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Africa Day Two

(Saturday 12/11/99)

Jet lag is a big problem for me. It takes me a week or more to overcome. I can go to sleep at eight at night, wake up at two in the morning go back to sleep at four or five, wake up at noon and crave a nap by five in the afternoon. As I have previously mentioned it also makes the ground squishy for awhile, a feeling I quite enjoy. It feels like walking in one of those moonwalk things that they have at carnivals.

As I said previously, I woke up with dawn. Since people keep their own livestock here, the dawn was announced by the crowing of the roosters. What I didnít mention was that after a restless hour or so I went back to sleep for a couple more hours. I may have spoken to some of you about the anti-malarial drug Larium before I left. For those that havenít heard, Larium is one of a couple of drugs that can help you from getting malaria. Itís a brand name, I donít quite remember the chemical name. Side effects include intense nightmares, psychotic episodes, and mood change, but these occur in a very low percentage of people. . I took Larium for a couple of weeks in October on a trial basis to see I would have any of the serious side effects. I didnít have any problems until the tail end of the third week, when I started to have increasingly paranoid dreams. I donít get them every night, but I do get them from time to time. Mostly they are of scary subjects, but donít leave me genuinely frightened. Only once or twice did I actually think someone was at the door coming in to try and kill me when I woke up. And the snakes, always with the damn snakes. Deadly cobras everyone of them. I wish I hadnít seen Raiders of the Lost Ark so many times when I was a kid. AnywayÖ this night it was just the zombies that were after me and when I woke up they were gone, so the beginning of the day wasnít so terrible.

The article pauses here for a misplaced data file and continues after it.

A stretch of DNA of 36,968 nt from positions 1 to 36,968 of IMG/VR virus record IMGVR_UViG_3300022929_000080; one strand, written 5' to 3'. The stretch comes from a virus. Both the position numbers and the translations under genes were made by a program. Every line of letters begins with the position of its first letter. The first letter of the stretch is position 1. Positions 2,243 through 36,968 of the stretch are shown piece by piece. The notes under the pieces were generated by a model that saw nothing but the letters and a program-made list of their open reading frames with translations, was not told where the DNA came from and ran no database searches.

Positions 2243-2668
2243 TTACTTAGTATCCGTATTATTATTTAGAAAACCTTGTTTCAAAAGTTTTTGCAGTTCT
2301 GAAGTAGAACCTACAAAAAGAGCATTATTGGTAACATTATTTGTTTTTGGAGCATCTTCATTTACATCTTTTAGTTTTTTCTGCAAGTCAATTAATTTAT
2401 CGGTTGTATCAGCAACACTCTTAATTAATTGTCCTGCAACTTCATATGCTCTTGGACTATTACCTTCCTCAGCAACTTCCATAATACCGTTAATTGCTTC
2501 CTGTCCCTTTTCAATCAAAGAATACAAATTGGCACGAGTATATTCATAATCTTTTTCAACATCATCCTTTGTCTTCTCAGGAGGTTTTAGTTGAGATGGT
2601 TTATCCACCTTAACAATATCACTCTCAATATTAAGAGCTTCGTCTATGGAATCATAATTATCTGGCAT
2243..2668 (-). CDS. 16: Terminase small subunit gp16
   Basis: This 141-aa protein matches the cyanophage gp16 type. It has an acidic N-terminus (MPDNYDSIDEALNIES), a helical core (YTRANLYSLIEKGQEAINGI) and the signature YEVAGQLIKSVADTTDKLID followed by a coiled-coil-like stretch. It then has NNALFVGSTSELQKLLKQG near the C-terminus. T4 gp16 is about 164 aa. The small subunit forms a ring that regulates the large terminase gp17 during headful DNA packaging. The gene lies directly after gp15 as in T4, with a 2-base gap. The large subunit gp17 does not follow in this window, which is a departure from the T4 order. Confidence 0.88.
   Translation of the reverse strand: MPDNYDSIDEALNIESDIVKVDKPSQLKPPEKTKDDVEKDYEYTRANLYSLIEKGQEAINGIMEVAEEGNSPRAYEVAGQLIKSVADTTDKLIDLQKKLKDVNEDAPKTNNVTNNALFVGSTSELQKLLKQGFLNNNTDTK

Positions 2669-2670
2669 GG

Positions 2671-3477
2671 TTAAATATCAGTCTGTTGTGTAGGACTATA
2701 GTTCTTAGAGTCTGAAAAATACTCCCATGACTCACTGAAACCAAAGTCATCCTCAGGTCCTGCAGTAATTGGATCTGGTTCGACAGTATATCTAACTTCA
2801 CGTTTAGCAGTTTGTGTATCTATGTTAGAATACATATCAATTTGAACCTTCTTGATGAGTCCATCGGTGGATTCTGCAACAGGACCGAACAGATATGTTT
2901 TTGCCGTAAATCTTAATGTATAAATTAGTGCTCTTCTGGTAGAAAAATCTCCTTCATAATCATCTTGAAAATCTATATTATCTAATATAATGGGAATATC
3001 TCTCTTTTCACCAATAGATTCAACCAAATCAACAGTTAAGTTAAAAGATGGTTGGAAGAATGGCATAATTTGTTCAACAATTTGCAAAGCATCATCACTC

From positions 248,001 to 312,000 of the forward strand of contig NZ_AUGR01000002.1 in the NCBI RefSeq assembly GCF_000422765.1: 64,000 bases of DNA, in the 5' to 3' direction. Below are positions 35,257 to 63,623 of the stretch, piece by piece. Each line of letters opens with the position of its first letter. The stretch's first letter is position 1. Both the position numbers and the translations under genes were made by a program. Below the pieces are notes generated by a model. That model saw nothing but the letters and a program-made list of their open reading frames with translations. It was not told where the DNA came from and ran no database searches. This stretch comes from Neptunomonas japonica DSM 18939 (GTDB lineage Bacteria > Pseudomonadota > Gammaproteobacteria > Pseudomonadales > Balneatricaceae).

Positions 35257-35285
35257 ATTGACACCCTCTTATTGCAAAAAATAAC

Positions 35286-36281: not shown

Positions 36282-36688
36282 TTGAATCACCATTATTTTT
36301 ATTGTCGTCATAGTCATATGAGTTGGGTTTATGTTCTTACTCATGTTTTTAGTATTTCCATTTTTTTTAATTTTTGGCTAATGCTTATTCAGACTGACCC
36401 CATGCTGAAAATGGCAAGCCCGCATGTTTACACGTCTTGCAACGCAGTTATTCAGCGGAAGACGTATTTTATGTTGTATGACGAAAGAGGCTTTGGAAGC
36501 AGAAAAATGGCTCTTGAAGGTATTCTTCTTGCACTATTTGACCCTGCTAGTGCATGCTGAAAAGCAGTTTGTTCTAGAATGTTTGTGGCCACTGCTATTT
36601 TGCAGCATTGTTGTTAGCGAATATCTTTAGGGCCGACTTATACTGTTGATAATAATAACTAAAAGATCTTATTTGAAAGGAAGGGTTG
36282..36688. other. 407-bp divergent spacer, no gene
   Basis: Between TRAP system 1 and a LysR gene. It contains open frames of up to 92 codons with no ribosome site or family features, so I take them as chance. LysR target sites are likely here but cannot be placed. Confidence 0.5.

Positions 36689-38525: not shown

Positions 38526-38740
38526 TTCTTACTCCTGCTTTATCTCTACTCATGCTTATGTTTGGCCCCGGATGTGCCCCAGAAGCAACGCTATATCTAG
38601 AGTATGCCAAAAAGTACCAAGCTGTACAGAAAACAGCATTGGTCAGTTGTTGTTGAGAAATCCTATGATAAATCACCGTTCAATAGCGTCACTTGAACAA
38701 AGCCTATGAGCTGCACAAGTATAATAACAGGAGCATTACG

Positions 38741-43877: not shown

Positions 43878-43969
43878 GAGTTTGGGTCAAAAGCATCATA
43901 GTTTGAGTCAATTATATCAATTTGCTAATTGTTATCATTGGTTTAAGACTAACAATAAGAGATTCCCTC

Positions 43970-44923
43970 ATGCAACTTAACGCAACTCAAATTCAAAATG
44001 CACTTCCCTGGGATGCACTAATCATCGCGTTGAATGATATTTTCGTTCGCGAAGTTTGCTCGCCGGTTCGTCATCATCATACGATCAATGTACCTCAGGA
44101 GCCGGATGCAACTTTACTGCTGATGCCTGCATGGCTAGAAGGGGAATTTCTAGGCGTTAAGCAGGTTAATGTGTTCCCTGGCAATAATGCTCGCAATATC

Did I mention that we sleep in mosquito nets?

Itís pretty darn cool, kind of like sleeping in a comfortable breezy tent.

Hereís a mighty cool looking picture that Kim took unbeknownest to me. Youíll have to believe me that I am wearing a pair of shorts in this picture.

Bed Net Picture

Enough of all this stuffÖHereís the interesting stuff:

We went in to the city today. For me this was a really big deal. It is very easy when you are sitting around the house to forget where you are. The more enclosed the room, the less of a view out the window you have, the more normal things seem. Itís just as if Kim and I are sitting around the table in Ann Arbor talking after dinner, rather than Kenya. But you canít do that if you are in the city. I can already tell that I am going to have to concentrate on going out, as it was difficult for me.